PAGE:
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MAINE SUPREME JUDICIAL COURT Reporter of Decisions Decision: 2021 ME 44 Docket: Cum-20-263 Argued: June 3, 2021 Decided: September 14, 2021 Panel: MEAD, GORMAN, JABAR, HUMPHREY, HORTON, and CONNORS, JJ. ROBERT L. CONNARY et al. v. RICHARD A. SHEA et al. HUMPHREY, J. [¶1] In 2003, Patricia and William Shea established the Shea Family Living Trust with assets that included stock issued by a particular bank. The Trust was to conclude upon the death of the survivor of them, and all of the bank stock in the Trust was to be distributed to Patricia’s nieces and nephews. In 2006, William died and, coincidentally, the bank redeemed all of its stock. Twelve years later, Patricia died and the successor trustee distributed the remaining assets of the Trust, which no longer included the bank stock. [¶2] The plaintiffs, including Robert L. Connary, are the nieces and nephews of Patricia (collectively Connary).1 Connary appeals from a judgment 1 The other nieces and nephews are Susan E. Napolitano, Patricia A. Narducci, James C. Clark, Margaret A. Gillett, and Eric R. Clark. 2 of the Superior Court (Cumberland County, Stewart, J.) granting a partial summary judgment in favor of the defendants, Richard A. Shea and two of his family members (collectively Shea),2 on Count 2 of Connary’s second amended complaint seeking a declaratory judgment “interpret[ing] and/or reform[ing]” part of the Trust.3 Connary challenges both the court’s determination that the provision gifting the bank stock to Connary was a specific devise that had adeemed and the court’s ruling for Shea on Connary’s reformation claim. We affirm the judgment except as to reformation. That claim must be remanded to the trial court for further proceedings. I. BACKGROUND [¶3] The following facts are drawn from the parties’ supported statements of material facts, viewed in the light most favorable to Connary. See Kurtz & Perry, P.A. v. Emerson, 2010 ME 107, ¶ 15, 8 A.3d 677. 2 The defendants—Richard A. Shea, Dennis G. Shea, and William P. Shea—are the children of William Shea. 3 Connary’s second amended complaint includes nine counts: (1) breach of fiduciary duty and the replacement of trustee Richard Shea, (2) declaratory judgment on the interpretation of the Trust and/or reformation of the Trust, (3) breach of fiduciary duty and money damages against trustee Shea, (4) injunctive relief avoiding disbursements, (5) return of any improper distributions, (6) another breach of fiduciary duty by trustee Shea in the conversion of trust assets, (7) trustee Shea’s breach of the duty of impartiality, (8) trustee Shea’s breach of the duty of loyalty, and (9) trustee Shea’s breach of the duty to protect beneficiaries’ interests. The parties stipulated to judgment in favor of Connary on all counts other than Count 2, dismissing all claims arising out of the interpretation of the Trust with prejudice and dismissing any claims not arising out of that interpretation without prejudice. 3 [¶4] In July 2003, Patricia and William created the Trust and funded it, in part, with stocks in General Electric and in Siwooganock Bank (the Bank), a private bank that was based in New Hampshire.4 The Trust’s plan of distribution provided that upon the death of the survivor of William and Patricia, the successor trustee was to “take charge of the assets then remaining in this trust [and] pay all of the legally enforceable debts of the survivor” and of the Trust. After complying with those conditions, the trustee was to distribute all of the General Electric and Bank stock to Patricia’s nieces and nephews, and the remaining “net proceeds of the trust” to William’s children. [¶5] In 2006, William died. That same year, the Bank stock was recalled and redeemed, and the Trust received approximately $460,000 for the stock. Over the next twelve years, after taxes related to the redemption were paid, the net funds from the redemption were variously deposited in and moved among 4 The Trust was also funded with other assets, including the parties’ residence in Scarborough, and it separately provided that if William died before Patricia, she could occupy, rent, or sell the residence. If Patricia elected to sell it, she could invest the proceeds, including by reinvesting them in a “replacement residence,” or distribute portions of the proceeds to William’s children and to Patricia. 4 the Trust’s investment accounts, commingled with other funds in the Trust, and used to purchase various securities. [¶6] In 2018, Patricia died, and Richard Shea became the successor trustee.5 Shea liquidated the General Electric stock and distributed those proceeds to Connary. Shea determined that the Bank stock was no longer in the Trust and, after consulting with the attorney who drafted the Trust, informed Connary that he could not distribute any funds to Connary in its place. Connary responded that he would contest the Trust. [¶7] On October 1, 2019, Connary filed a second amended complaint6 seeking in Count 2 that the court either (A) declare that the Trust clearly and unambiguously “provides that the Connary heirs are entitled to the ‘[p]roceeds’ from the involuntary sale of” the Bank stock or, if the Trust is ambiguous, “conclude that [Patricia] intended to gift any proceeds” from the redemption of that stock to Connary, or (B) reform the Trust to “conform to [Patricia’s] 5 The Trust designated Patricia and William as the “primary trustees” and Richard Shea as the successor trustee upon the death of the survivor of Patricia and William. 6 On February 7, 2019, Connary filed the initial complaint in this matter, and on February 19, 2019, he filed the first amended complaint. 5 intentions” that “[t]he proceeds are to be distributed in equal shares to [Connary].”7 [¶8] On October 15, 2019, Connary filed a motion for partial summary judgment seeking a summary judgment only on Count 2 of the second amended complaint. In Count 2, Connary sought a declaratory judgment that the Trust provided for a general devise of the Bank stock and that Connary was entitled to the proceeds from its 2006 redemption. Connary’s motion did not address Connary’s alternative claim for reformation, which he also asserted in Count 2. Shea opposed the motion and filed a cross-motion for partial summary judgment, arguing that Connary was not entitled to the proceeds because the Bank stock was a specific devise that had adeemed. [¶9] On March 31, 2020, the court entered a partial summary judgment for Shea on Count 2 of the complaint, concluding that the Trust makes “clear and plain” that the settlors intended a specific devise of the Bank stock, which adeemed in 2006 following its recall and redemption by the Bank, and it “denied and dismissed” the reformation claim. Connary then filed a motion for 7 The Superior Court shares concurrent equitable jurisdiction with the probate courts and has jurisdiction over declaratory judgment actions seeking the construction of trust instruments. See 4 M.R.S. §§ 105, 252 (2021); 14 M.R.S. 5956 (2021). Title 18-C M.R.S. 1-302(1)(C) (2021), which confers jurisdiction on the probate courts over “all subject matter relating to . . . [t]rusts,” does not confer exclusive jurisdiction on the probate courts. See also 18-C M.R.S. § 1-201(8) (2021). 6 reconsideration of the court’s partial summary judgment order and a motion to strike the ruling on the reformation claim. Connary argued that the court erred in denying and dismissing the reformation claim because it was not subject to the motions for summary judgment. The court denied both motions and stated that it had entered a summary judgment on Count 2 based on its finding of the clear and plain intent of the settlors. [¶10] On September 22, 2020, the parties stipulated to a final judgment in favor of Shea on all remaining counts of the second amended complaint. Connary timely appealed. See 14 M.R.S. § 1851 (2021); M.R. App. P. 2A, 2B(c)(1). II. DISCUSSION [¶11] We review the entry of a summary judgment de novo, “considering the evidence in the light most favorable to the nonprevailing party to determine whether the parties’ statements of material facts and the record evidence to which the statements refer demonstrate that there is no genuine issue of material fact and the moving party is entitled to judgment as a matter of law.” Kurtz & Perry, P.A., 2010 ME 107, ¶ 15, 8 A.3d 677 (quotation marks omitted). “A material fact is one that can affect the outcome of the case, and there is a ‘genuine issue’ when there is sufficient evidence for a fact-finder to choose 7 between competing versions of the fact.” Stewart-Dore v. Webber Hosp. Ass’n, 2011 ME 26, ¶ 8, 13 A.3d 773. [¶12] The parties agree that the disposition of the Bank stock is governed by the terms of the Trust, but they dispute whether the evidence, viewed in the light most favorable to Connary, demonstrates that it was a specific or a general devise, that the stock was adeemed by the 2006 redemption, and that the Trust should be reformed to reflect William’s and Patricia’s intent, all of which is reviewed de novo. See Kurtz & Perry, P.A., 2010 ME 107, ¶ 15, 8 A.3d 677. A. General or Specific Devise [¶13] “Courts are averse to construing [devises] as specific” and will do so only when the intent of the settlor to make them specific “is clear and plain.” Maxim v. Maxim, 129 Me. 349, 354, 152 A. 268 (1930); see also 18-B M.R.S. § 112 (2021). The intent of the settlor, as determined by unambiguous language in the trust, is a question of law that we review de novo. In re Pike Fam. Trs., 2012 ME 8, ¶ 7, 38 A.3d 329. “The cardinal rule is to give effect to the intention of the [settlor] gathered from the language of the [trust], bearing in mind that such intention must be related to the time the [trust] was executed.” Me. Nat’l Bank v. Petrlik, 283 A.2d 660, 664 (Me. 1971); see 18-B M.R.S. § 112. The settlor’s intent is gathered from the whole instrument, and a court must 8 interpret it “within the four corners of the document but may use the context of the entire [instrument] to interpret specific sections.” Fiduciary Tr. Co. v. Wheeler, 2016 ME 26, ¶ 9, 132 A.3d 1178 (quotation marks omitted); see 18-B M.R.S. § 112. [¶14] Prior to engaging in that review, we note that although the Maine Uniform Trust Code, 18-B M.R.S. §§ 101-1104 (2021), applies to the Trust, “[t]he rules of construction that apply in [Maine] to the interpretation of and disposition of property by will also apply as appropriate to the interpretation of the terms of a trust and the disposition of the trust property.” 18-B M.R.S. § 112; see, e.g., Fiduciary Tr. Co., 2016 ME 26, ¶ 9, 132 A.3d 1178 (applying the rules of interpretation for wills to the terms of a trust).8 [¶15] A devise like “[a] legacy is general when it is so given as not to amount to a bequest of a particular thing or money of the testator, as distinguished from all others of the same kind.” Spinney v. Eaton, 111 Me. 1, 5, 87 A. 378 (1913) (quotation marks omitted); see, e.g., Perry v. Leslie, 124 Me. 93, 94, 126 A. 340 (1924) (concluding that a bequest of “twenty shares in the capital stock of [a corporation]” was a general legacy because the total shares 8 We highlight this point because so much of our relevant jurisprudence in this area relates to the rules of construction regarding the interpretation of and disposition of property by will. 9 held by the testator at her death exceeded the shares disposed of and there was no language “directly identifying the shares bequeathed” (quotation marks omitted)). [¶16] Conversely, a specific devise is like “a bequest of a specific thing or fund that can be separated out of all the rest of the [settlor]’s estate of the same kind, so as to individualize it, and enable it to be delivered to the legatee as the particular thing or fund bequeathed.” Maxim, 129 Me. at 353, 152 A. 268 (quotation marks omitted); see, e.g., Gorham v. Chadwick, 135 Me. 479, 483, 200 A. 500 (1938) (concluding that a bequest of “my stock in [a corporation]” was specific because the testator “identifie[d] that particular stock as then belonging to her and distinguishe[d] it from all other parts of her property of like kind” (quotation marks omitted)).9 [¶17] A specific devise is often accompanied by a personal pronoun indicating the testator’s personal ownership of the property. See Restatement 9 Connary takes issue with the trial court’s comparison to Gorham v. Chadwick, 135 Me. 479, 200 A. 500, and argues that Perry v. Leslie, 124 Me. 93, 126 A. 340 (1924), is more analogous. However, unlike in Perry, where the total number of shares of stock of a particular company held by the estate exceeded the total number disposed of by the testatrix’s will, 124 Me. at 94, 126 A. 340, the Trust disposed of “all” of the Bank stock rather than just a portion of the total pool. Furthermore, in Gorham the relevant inquiry was whether the stated bequest “can be separated out of all the rest of the testator’s estate of the same kind, so as to individualize it.” Maxim v. Maxim, 129 Me. 349, 353, 152 A. 268 (1930) (quotation marks omitted); see Gorham, 135 Me. at 483, 200 A. 500. We find no error in the court’s comparison to Gorham. 10 (Third) of Property: Wills and Donative Transfers § 5.1 cmt. b (Am. L. Inst. 1999); I Benoit et al., A Practical Guide to Estate Planning in Maine § 3.1.4(g) at 3-14 (Hunt 2d ed., 2021) (suggesting that “[t]o avoid any ambiguity as to whether the devise is specific or general,” a specific devise should use personal pronouns such as “‘my’ automobile” or, in the case of a bequest, “the AT&T stock ‘owned by me at the date of my death’”); see, e.g., Gorham, 135 Me. at 483, 200 A. 500 (reasoning that the testator’s “use of the possessive ‘my’ is convincing indication that [the testator] intended to make her gift specific”). [¶18] Here, the Trust devised “all” of the Bank stock to Connary. Although not a personal pronoun, “all” clearly refers to the finite pool of Bank stock held by the Trust. It is distinguishable from, see Gorham, 135 Me. at 483, 200 A. 500, and can be separated out of, see Maxim, 129 Me. at 353, 152 A. 268, the rest of the Trust’s assets, such that the language disposes of the entire pool of Bank stock, as opposed to a portion of those holdings, cf., Perry, 124 Me. at 94, 126 A. 340. We agree with the court that the language of the Trust reflects a “plain and clear” intent by William and Patricia to create a specific gift of the Bank stock in favor of Connary.10 10 In arguing that the Trust’s Plan of Distribution in Article Two makes it “clear that the [settlors] intended their successor Trustee to deliver the value of the stocks and not the very thing bequeathed,” Connary misconstrues the Trust’s use of the term “proceeds” in subsection A.3. and the authority given to the successor trustee in subsection A.2. to “take charge of the assets then B. 11 Ademption [¶19] “The distinctive characteristic of a specific legacy is its liability to ademption. If the specific thing or particular fund bequeathed is not in existence or has been disposed of by the testator subsequent to the making of the will, the legacy is extinguished or adeemed.” Gorham, 135 Me. at 484, 200 A. 500. As noted above, although Title 18-B provides rules for the creation and administration of trusts, see 18-B M.R.S. §§ 102, 1104(1)(A), to determine whether the specific devise of the Bank stock was adeemed in 2006, we are guided by the principle that “[t]he rules of construction that apply in [Maine] to the interpretation of and disposition of property by will also apply as remaining” and pay all of the “legally enforceable debts” of the surviving settlor and the Trust. Contrary to Connary’s assertions, those provisions did not require the successor trustee to liquidate all of the Trust’s assets, including all shares of stock, in order to pay the debts of Patricia and the Trust before delivering proceeds representing the value of the Bank stock to Connary. Because the Bank stock did not exist in the Trust at the time of Patricia’s death, “proceeds” cannot include sums that resulted from multiple reinvestments, commingling, and withdrawals of the net funds from the 2006 stock redemption. Moreover, we are not persuaded by Connary’s argument that treating the Bank stock as a specific devise conflicts with the “manifest object” of William and Patricia to benefit their respective bloodlines. Rather, the devise of a specific gift of the stock to Connary is consistent with that objective. 12 appropriate to the interpretation of the terms of a trust and the disposition of the trust property,” 18-B M.R.S. § 112. [¶20] Currently, those rules of construction are found in the Maine Probate Code codified in Title 18-C, which became effective on September 1, 2019. See 18-C M.R.S. § 8-301(1) (2021). However, when the Trust was created (2003), when Patricia died (2018), and when Connary’s first complaint was filed (February 2019), the predecessor Probate Code—Title 18-A—was in effect. See 18-A M.R.S. § 8-401(a) (2018). Shea argues that the relevant ademption statute is 18-A M.R.S. § 2-607 (2018), whereas Connary argues that the ademption provision of the current statute, 18-C M.R.S. § 2-606(1)(F) (2021), applies.11 [¶21] The difference is important because the current code, Title 18-C, disfavors the ademption of a specific devise in certain circumstances. In particular, paragraphs E and F of 18-C M.R.S. § 2-606(1) reflect the “intent” theory of ademption in which “the testator’s intent is central to the inquiry” and “the devise fails unless the evidence establishes that failure would be inconsistent with the testator’s intent.” Restatement (Third) of Property: Wills and Donative 11 See P.L. 2017, ch. 402, § A-2 (effective Sept. 1, 2019, as provided by P.L. 2019, ch. 417, § A-102) (codified at 18-C M.R.S. § 2-606 (2021)). 13 Transfers § 5.2 cmt. b (Am. L. Inst. 1999) (emphasis added); see 18-C M.R.S.A. § 2-606 Me. cmt. (2020). In contrast, Title 18-A does not include language similar to paragraphs E and F; rather, 18-A M.R.S. § 2-607 reflects the “identity” theory of ademption in which “a specific devise completely fails—i.e., the devisee is entitled to nothing—if the specifically devised property is not in the testator’s estate at death.” Restatement (Third) of Property: Wills and Donative Transfers § 5.2 cmt. b (Am. L. Inst. 1999). 1. The Relevant Rules of Construction [¶22] Title 18-A and Title 18-C both include identically worded rules of construction or presumption regarding the applicability of the Code to trusts executed before the Code’s effective date—January 1, 1981, for Title 18-A and September 1, 2019, for Title 18-C—as follows: Any rule of construction or presumption provided in this Code applies to instruments executed . . . before [this Code’s effective date] unless there is a clear indication of a contrary intent. 18-A M.R.S. § 8-401(b)(5); see 18-C M.R.S. § 8-301(2)(E). Based on this language, Connary argues that, even though Title 18-A was in effect when the Trust was created, the nonademption provisions of 18-C M.R.S. § 2-606(1)(F) apply retroactively to the construction of the Trust at issue here. See 18-C M.R.S. § 2-601 (2021); see also 18-B M.R.S. § 112. 14 [¶23] However, in Scribner v. Berry, we interpreted 18-A M.R.S. § 8-401(b)(5) and held that this provision applies to instruments “executed before [Title 18-A]’s effective date only when the testator survives the effective date.” 489 A.2d 8, 9 (Me. 1985) (emphasis added).12 We reasoned that “had the Legislature intended that [Title 18-A’s] rules of construction apply even when the testator dies before [Title 18-A]'s effective date,” it would have expressly stated so as it had in another statutory provision. Scribner, 489 A.2d at 9; see 18-A M.R.S. § 8-401(b)(2) (“[Title 18-A] applies to any proceedings in Court then pending or thereafter commenced regardless of the time of the death of decedent . . . .” (emphasis added)). More importantly, we stated that applying the current rules of construction to a will that predates the effective date of those rules “is justified only when the testator has the opportunity to modify his will if he or she disagrees with the code.” Scribner, 489 A.2d at 9; see also Est. of Calden, 1998 ME 140, ¶ 6, 712 A.2d 522 (reasoning that because the 12 In that case, the issue was whether the adopted children of the testator’s son were included in the terms “descendants” or “issue” as used in the testator’s will. Scribner v. Berry, 489 A.2d 8, 8 (Me. 1985). At the time of the will’s making and throughout the testator’s lifetime, the applicable rule of construction excluded the adopted children from those two terms, but after the testator’s death and at the time of the petition for construction of the will, the Probate Code had been amended, and the new rule of construction expressly provided that adopted children were included within those terms. Id. at 8-9; see P.L. 1979, ch. 540, § 1 (effective Jan. 1, 1981) (codified at 18-A M.R.S.A. § 2-611 (Supp. 1980)). 15 testator died after the effective date of the new Probate Code, the new Code’s rules of construction applied to the testator’s will). [¶24] The same considerations that guided us in Scribner persuade us that 18-C M.R.S. § 8-301(2)(E) does not apply in the circumstances of this case. Patricia died in November 2018, seven months prior to the effective date of Title 18-C, and thus she did not have an opportunity to amend the terms of the Trust in response to the provisions of Title 18-C.13 Accordingly, we conclude that the rules of construction regarding the nonademption of a specific devise in 18-C M.R.S. § 2-606 do not apply, and, instead, 18-A M.R.S. § 2-607 governs the ademption of the Bank stock at issue here. 2. Application of 18-A M.R.S. § 2-607 [¶25] Section 2-607(a)(1) states that “[i]f the will provides for a specific devise of certain securities rather than the equivalent value thereof, the specific devisee is entitled only to . . . [a]s much of the devised securities as is a part of the estate at the time of the testator’s death.” Paragraphs 2 through 4 of section 13 The Trust itself might also have constrained Patricia’s power to revoke or amend the provision regarding distribution of the Bank stock. As the survivor, she was authorized to revoke the Trust in whole or in part “except as to the provisions of Article Two”—the article that contained the distribution provision at issue here—and she could amend the trust in writing “except as may be limited by Article . . . Two of this Declaration of Trust.” Even assuming that Patricia retained the ability to amend or revoke the distribution provision, however, her death before the effective date of Title 18-C persuades us that Title 18-C cannot be applied. See Scribner, 489 A.2d at 9. 16 2-607(a) allow the specific devisee—in certain circumstances—to receive different securities in lieu of what was specified in the instrument. However, none of those circumstances exists here because in 2006, Patricia received cash in exchange for her stock, and paragraph 2 applies only to stock splits, while paragraph 3 relates to mergers and paragraph 4 applies to reinvestment plans. See 18-A M.R.S. § 2-607(a)(2)-(4); Est. of Russell, 521 A.2d 677, 677 n.1 (Me. 1987). That leaves paragraph 1, which, as noted above, entitles the devisee to the specific shares if they remain in the estate at the time of the settlor’s death. See 18-A M.R.S. § 2-607(a)(1). Because no shares14 of the Bank stock remained in the Trust at the time of Patricia’s death, the trial court correctly concluded that the Bank stock had adeemed. C. Reformation [¶26] Finally, Connary argues that the court erred when it sua sponte ruled on his alternate reformation claim15 after concluding that the Trust 14 In support of his argument that the Bank stock did not adeem, Connary contends that the proceeds of the 2006 stock redemption are still held in the Trust and can be accurately traced. Although the parties dispute whether it was Patricia or her financial advisor who moved the 2006 redemption proceeds between various investment accounts and used the money to purchase other securities, they agree that the proceeds were commingled and not neatly segregated into a single account. 15 That claim asked the court, pursuant to 18-B M.R.S. § 415 (2021), to reform the Trust provision dealing with the Bank stock to provide that “[t]he proceeds are to be distributed in equal shares to [Connary]” in order “to conform to [Patricia]’s intentions that her natural heirs recover the proceeds from [Patricia]’s inherited property.” 17 language unambiguously provided for a specific devise of the Bank stock. Connary pleaded his reformation claim in part C of Count 2 of the second amended complaint as an alternative to his requests in part A and B for a declaratory judgment that either (A) “the Trust is clear and unambiguous and provides that the Connary heirs are entitled to the ‘Proceeds’ from the involuntary sale of [the Bank stock]” or (B) the Trust is ambiguous and must be construed to grant the proceeds of the sale to Connary. In his motion for partial summary judgment on Count 2 of the complaint, Connary requested a “declaratory judgment that the provisions of [the Trust] unambiguously provide for a general devise of the [Bank stock].” Connary did not argue for summary judgment on the reformation claim asserted in part C of Count 2, nor did he present evidence through his statement of material facts that, if believed, would demonstrate a “mistake of fact or law” necessitating reformation. 18-B M.R.S. § 415 (2021) (“The court may reform the terms of a trust, even if unambiguous, to conform the terms to the settlor’s intention if it is proved by clear and convincing evidence that both the settlor’s intent and the terms of the trust were affected by a mistake of fact or law, whether in expression or inducement.” (emphasis added)). 18 [¶27] Shea acceded to Connary’s confinement of his motion for summary judgment to parts A and B of Count 2. Specifically, Shea argued in a footnote in his opposing memorandum that the reformation claim set forth in part C of Count 2 should be dismissed for failure to state a claim upon which relief can be granted, see M.R. Civ. P. 12(b)(6), or that Connary should “voluntarily dismiss the[] reformation claim, but failing that, [Shea] would address it in a subsequent summary judgment motion or at trial.” Given the parties’ agreement that part C of Count 2 was not a subject of Shea’s motion for summary judgment, the summary judgment record did not include any statements of fact or evidence related to reformation. [¶28] The court ruled on Count 2 in its entirety, which is understandable given the motion’s language seeking summary judgment “on Count II of the[] Second Amended Complaint” without explicitly setting apart the reformation claim in part C. In its summary judgment, the court “denied and dismissed” the reformation claim presented in part C of Count 2, though the court ultimately appears to have rejected Shea’s invitation to dismiss the claim for failing to state a claim upon which relief can be granted. (Emphasis added.) Instead, the court ultimately concluded, in denying Connary’s motion to strike the court’s ruling on that claim, that the court’s construction of the Trust negated the existence of 19 a mistake of fact or law, and that summary judgment was therefore appropriate. See 18-B M.R.S. § 415. [¶29] By statute, however, a “court may reform the terms of a trust, even if unambiguous, to conform the terms to the settlor’s intention if it is proved by clear and convincing evidence that both the settlor’s intent and the terms of the trust were affected by a mistake of fact or law, whether in expression or inducement.” Id. (emphasis added). Thus, the court’s conclusion that the Trust language was clear and plain in making a specific devise of the stock does not, as a matter of law, preclude reformation. See id.; see also M.R. Civ. P. 56(c). There may be facts extrinsic to the Trust that demonstrate a mistake of fact or law necessitating reformation. See 18-B M.R.S. § 415. Because the parties agreed that the reformation issue was not before the court for purposes of summary judgment, they did not present facts on the claim, and the court was not in a position to conclude, as a matter of law, that there were no genuine issues of material fact on the issue of reformation and that Shea was entitled to summary judgment as a matter of law. See M.R. Civ. P. 56(c). [¶30] We therefore vacate the judgment as to the reformation claim alleged in part C of Count 2 and remand that claim for further proceedings. 20 The entry is: Judgment on parts A and B of Count 2 affirmed. Judgment on part C of Count 2 vacated and remanded for further proceedings consistent with this opinion. Jeremy W. Dean, Esq., Portland, and Eric R. Clark, Esq. (orally), Clark & Associates, Attorneys, Eagle, Idaho, for appellants Robert L. Connary et al. Daniel A. Nuzzi, Esq., and Eamonn R.C. Hart, Esq. (orally), Brann & Isaacson, Lewiston, for appellees Richard A. Shea et al. Cumberland County Superior Court docket number CV-2019-39 FOR CLERK REFERENCE ONLY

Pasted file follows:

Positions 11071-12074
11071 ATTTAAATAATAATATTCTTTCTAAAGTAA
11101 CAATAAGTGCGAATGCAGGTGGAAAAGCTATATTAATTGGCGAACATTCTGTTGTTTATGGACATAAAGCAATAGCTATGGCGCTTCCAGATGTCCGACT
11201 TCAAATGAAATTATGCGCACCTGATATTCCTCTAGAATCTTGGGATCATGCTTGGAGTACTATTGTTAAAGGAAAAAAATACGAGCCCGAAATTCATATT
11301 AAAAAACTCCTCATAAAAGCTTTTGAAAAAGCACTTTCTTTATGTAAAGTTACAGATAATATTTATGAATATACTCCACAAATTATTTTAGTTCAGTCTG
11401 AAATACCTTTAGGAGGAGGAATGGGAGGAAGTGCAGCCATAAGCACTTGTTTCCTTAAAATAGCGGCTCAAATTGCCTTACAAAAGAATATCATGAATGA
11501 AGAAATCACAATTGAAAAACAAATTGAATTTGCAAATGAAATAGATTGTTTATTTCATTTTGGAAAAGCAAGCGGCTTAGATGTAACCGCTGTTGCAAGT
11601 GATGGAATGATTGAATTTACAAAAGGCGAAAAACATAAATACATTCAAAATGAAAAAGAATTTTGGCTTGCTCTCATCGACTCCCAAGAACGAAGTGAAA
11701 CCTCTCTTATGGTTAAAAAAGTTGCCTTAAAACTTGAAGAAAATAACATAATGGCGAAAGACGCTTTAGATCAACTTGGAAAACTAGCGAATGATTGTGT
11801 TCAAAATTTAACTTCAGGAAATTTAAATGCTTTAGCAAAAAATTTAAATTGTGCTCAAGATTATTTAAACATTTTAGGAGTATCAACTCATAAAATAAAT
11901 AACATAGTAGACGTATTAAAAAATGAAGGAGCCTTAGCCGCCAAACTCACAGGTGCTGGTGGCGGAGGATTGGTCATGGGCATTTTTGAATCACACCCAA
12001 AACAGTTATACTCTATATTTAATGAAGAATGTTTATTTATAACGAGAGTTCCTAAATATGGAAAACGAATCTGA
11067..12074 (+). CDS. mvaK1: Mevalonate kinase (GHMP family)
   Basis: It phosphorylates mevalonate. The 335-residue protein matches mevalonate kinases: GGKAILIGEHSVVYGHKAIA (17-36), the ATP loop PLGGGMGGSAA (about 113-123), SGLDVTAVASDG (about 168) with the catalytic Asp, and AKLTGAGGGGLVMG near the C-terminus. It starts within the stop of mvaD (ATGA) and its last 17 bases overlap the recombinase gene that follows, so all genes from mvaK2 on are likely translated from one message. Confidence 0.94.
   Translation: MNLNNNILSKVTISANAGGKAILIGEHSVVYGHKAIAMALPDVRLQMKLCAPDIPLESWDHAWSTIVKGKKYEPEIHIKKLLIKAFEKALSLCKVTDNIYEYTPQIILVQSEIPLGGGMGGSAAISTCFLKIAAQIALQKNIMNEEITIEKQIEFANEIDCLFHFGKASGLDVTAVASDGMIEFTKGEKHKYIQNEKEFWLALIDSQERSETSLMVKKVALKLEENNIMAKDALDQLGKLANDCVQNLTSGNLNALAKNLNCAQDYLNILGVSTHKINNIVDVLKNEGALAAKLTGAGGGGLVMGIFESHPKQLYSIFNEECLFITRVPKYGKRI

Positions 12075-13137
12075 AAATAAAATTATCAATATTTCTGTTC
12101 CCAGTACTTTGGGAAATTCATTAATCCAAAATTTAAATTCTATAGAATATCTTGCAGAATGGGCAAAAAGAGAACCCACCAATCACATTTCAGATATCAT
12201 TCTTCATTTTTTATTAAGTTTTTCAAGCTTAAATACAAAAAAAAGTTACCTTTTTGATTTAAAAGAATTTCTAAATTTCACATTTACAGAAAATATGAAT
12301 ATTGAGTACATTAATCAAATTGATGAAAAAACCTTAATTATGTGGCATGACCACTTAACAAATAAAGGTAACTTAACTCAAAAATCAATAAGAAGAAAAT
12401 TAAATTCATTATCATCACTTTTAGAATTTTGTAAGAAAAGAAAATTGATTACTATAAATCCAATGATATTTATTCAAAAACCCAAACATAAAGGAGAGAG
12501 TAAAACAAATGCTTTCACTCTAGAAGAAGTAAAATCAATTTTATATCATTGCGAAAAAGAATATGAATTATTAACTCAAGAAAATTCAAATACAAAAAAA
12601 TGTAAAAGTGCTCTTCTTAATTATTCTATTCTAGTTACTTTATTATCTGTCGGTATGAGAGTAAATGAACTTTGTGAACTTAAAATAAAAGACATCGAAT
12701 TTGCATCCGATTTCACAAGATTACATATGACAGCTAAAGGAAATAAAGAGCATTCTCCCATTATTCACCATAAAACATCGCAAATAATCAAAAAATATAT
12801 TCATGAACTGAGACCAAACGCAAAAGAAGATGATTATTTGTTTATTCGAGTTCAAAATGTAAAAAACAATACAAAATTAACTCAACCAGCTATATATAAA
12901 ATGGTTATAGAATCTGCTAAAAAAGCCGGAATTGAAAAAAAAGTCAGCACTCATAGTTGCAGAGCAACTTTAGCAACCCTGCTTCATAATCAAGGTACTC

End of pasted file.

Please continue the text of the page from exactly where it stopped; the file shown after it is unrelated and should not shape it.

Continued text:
Primary Holding
The Supreme Court affirmed in part and vacated in part the judgment of the superior court granting a partial summary judgment in favor of Defendants on count two of Plaintiff's second amended complaint seeking a declaratory judgment interpreting and/or reforming part of the Shea Family Living Trust, holding that the judgment was proper except as to reformation.